My husband says don't do it on any kind of floating flooring due to expansion and contraction. Most of the instructions for the floating flooring say don't do it for that reason. I don't like to because flooring is removed more than cabinets and it's a pain when that has been done. We do put flooring under freestanding ranges or slide ins and refrigerators which all have adjustable legs.

Jill:

If you allow the loose-lay {fibre} floor to fully relax when first installed, it does not move that much afterwards (1/8 - 1/4") when expanding and contracting.

If you are using Ikea cabinetry - or any similar rail-based installation - the cabinets are hung off rails on the wall and the weight on the adjustable legs will not restrict the floating floor from small movements.

When using floating floor under these style cabinets, we run it wall-to-wall and run baseboard all the way around the room (sometimes we use cove behind the cabinets).   When flooring needs replaced, we can do so by simply removing the toe-kick (which snap in-place) and temporarily removing the legs from the lower boxes (allowing them to hang from the wall) while we change the floor.   Though often it is just as easy to remove the countertops and lower cabinets (rails stay in-place); change the floor, then set the cabinets back in-place).

If we are using pedestal cabinets, we will install the pedestal framing directly on the subfloor and, after the cabinets and flooring are installed, use the toe-kick to pinch the loose-lay flooring.

If we are tiling or refinishing existing wood floors (in period buildings), the floors always run wall-to-wall under the cabinetry regardless of type.  It has been our experience that such floors last as long (or longer) than cabinetry in rental units.

One big advantage of running the finish floor wall-to-wall is it does a much better job of containing water spills and mitigates water that runs under the cabinets (think leaky dishwasher) from seeping under the finish floor. 

 

@Roy N. Are you just talking about loose lay or installing floating click-lock plank (contrary to manufactures instruction)? really just curious at this point-- lol, I just do what I'm told on that stuff I'm the the measure and cut girl ;)

@Jim K. Oh my yes last reno we fought with old DW to get it out

@Roy N. I am having LVP installed in one of my projects right now. A very reputable flooring contractor refuses to install LVP under kitchen cabinets due to expansion (they actually don’t like LVP because it is so unstable)

Additionally they recommend never installing it in bathrooms because, although waterproof itself, it can allow water to pass through the joints and cause issues with the subfloor

@Scott Weaner

Like others have said, if cabinets are not in yet, lay the floor first. It looks better, and if you ever need to replace the cabinets before the floor needs replacing, you are good to go.

Originally posted by @Alena Nicole :

Hello all,

I am planning to install IKEA kitchen , difference is in having 4-legs under cabinets AND Not box base cabinets.

I understand that floating luxury vinyl can withstand up to 200 lbs per sq.inch , so like any piece of appliance on 4 legs or couch on 4 legs , the IKEA cabinets would look better on already installed Floating Luxury Vinyl (28 mil).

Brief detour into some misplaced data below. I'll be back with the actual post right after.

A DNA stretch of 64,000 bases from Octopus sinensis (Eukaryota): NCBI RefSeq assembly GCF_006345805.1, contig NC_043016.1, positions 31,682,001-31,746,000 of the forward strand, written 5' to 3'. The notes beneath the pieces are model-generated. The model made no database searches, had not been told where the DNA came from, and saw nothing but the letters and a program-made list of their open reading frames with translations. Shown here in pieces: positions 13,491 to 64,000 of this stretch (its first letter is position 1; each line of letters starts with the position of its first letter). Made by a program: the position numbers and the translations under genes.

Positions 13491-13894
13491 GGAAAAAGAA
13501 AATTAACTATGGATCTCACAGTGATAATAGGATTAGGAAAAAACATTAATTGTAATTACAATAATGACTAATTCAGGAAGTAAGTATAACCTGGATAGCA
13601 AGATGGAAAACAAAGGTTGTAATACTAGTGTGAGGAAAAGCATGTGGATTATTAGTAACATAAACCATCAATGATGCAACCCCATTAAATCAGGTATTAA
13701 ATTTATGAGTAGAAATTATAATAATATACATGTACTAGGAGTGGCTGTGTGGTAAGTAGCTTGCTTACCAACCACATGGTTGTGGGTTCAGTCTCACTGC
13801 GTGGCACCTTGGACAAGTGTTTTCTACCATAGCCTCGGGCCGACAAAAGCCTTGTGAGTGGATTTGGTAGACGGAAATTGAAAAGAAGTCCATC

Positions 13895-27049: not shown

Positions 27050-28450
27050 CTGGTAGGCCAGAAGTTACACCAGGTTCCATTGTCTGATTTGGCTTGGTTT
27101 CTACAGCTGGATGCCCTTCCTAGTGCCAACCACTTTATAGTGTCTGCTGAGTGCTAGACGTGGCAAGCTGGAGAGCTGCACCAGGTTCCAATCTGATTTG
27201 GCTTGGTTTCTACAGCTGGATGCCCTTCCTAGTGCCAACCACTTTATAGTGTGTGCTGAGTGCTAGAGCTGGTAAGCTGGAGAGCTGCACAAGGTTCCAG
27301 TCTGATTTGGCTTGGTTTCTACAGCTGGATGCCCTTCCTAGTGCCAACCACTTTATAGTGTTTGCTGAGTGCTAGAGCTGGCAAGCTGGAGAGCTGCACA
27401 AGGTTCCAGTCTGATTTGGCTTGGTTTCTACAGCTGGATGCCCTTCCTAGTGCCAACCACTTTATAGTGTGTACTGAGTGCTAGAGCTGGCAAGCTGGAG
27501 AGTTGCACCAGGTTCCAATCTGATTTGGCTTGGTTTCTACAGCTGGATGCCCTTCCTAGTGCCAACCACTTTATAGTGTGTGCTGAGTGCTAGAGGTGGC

My contractor is telling me that my floor will loose warranty if installed as I ask before IKEA cabinets.

My point is about 4- legs cabinetry , not base box cabinetry.

Please give me your opinion.

Greatly appreciate. 



 Mark there the cabinets will go, specifically the legs, or put the cabinets in but don't finish the trim and then lay the floor up to that point.  If all the weight is on the legs and you simply have a baseboard covering them, the flooring can go under the trim covering the legs, but not under the legs.

Originally posted by @Jill F. :

@Roy N. Are you just talking about loose lay or installing floating click-lock plank (contrary to manufactures instruction)? really just curious at this point-- lol, I just do what I'm told on that stuff I'm the the measure and cut girl ;)

@Jim K. Oh my yes last reno we fought with old DW to get it out

Jill,

I was talking about loose-lay fibre floor (the checkerboard depicted in the photos above).   I have also laid linoleum and commercial vinyl plank (the self-adhesive type) under rail-hung cabinets.   I have not used the "click" floor in a kitchen - I'm not a big fan of it.

 

Originally posted by @Parker Eberhard :

@Roy N. I am having LVP installed in one of my projects right now. A very reputable flooring contractor refuses to install LVP under kitchen cabinets due to expansion (they actually don’t like LVP because it is so unstable)

Additionally they recommend never installing it in bathrooms because, although waterproof itself, it can allow water to pass through the joints and cause issues with the subfloor

If the cabinetry is pedestal based, then you would lay the pedestals on the subfloor and lay your finish floor.

The OP was using Ikea cabinets.  Ikea uses a rail mount which hangs the boxes from the wall.  Shallow lowers, like uppers, could be hung without the feet attached.  Even with full depth lowers, the wall mount carries the bulk of the load ... the legs carry the toe kick and the front edge of the cabinet boxes.

We've had no issues with running flooring wall-to-wall under Ikea cabinets and prefer the better water protection.

In bathrooms, if we are not laying tile, we prefer to use linoleum or loose-lay fibre floor (without any seams).  For vanities we typically use wall-hung models (easier cleaning in student rentals) or 'furniture'-style and run the floor underneath either.   We also make  point to run our plumbing out of the wall rather than the floor.

 

Originally posted by @Theresa Harris :

 Mark there the cabinets will go, specifically the legs, or put the cabinets in but don't finish the trim and then lay the floor up to that point.  If all the weight is on the legs and you simply have a baseboard covering them, the flooring can go under the trim covering the legs, but not under the legs.

Theresa:

With the Ikea cabinets, unless you are building an island, most of the weight is carried by the rail mount. 

Originally posted by @Roy N. :
Originally posted by @Theresa Harris:

 Mark there the cabinets will go, specifically the legs, or put the cabinets in but don't finish the trim and then lay the floor up to that point.  If all the weight is on the legs and you simply have a baseboard covering them, the flooring can go under the trim covering the legs, but not under the legs.

Theresa:

With the Ikea cabinets, unless you are building an island, most of the weight is carried by the rail mount. 

 Thanks. I didn't know the base cabinets worked the same way.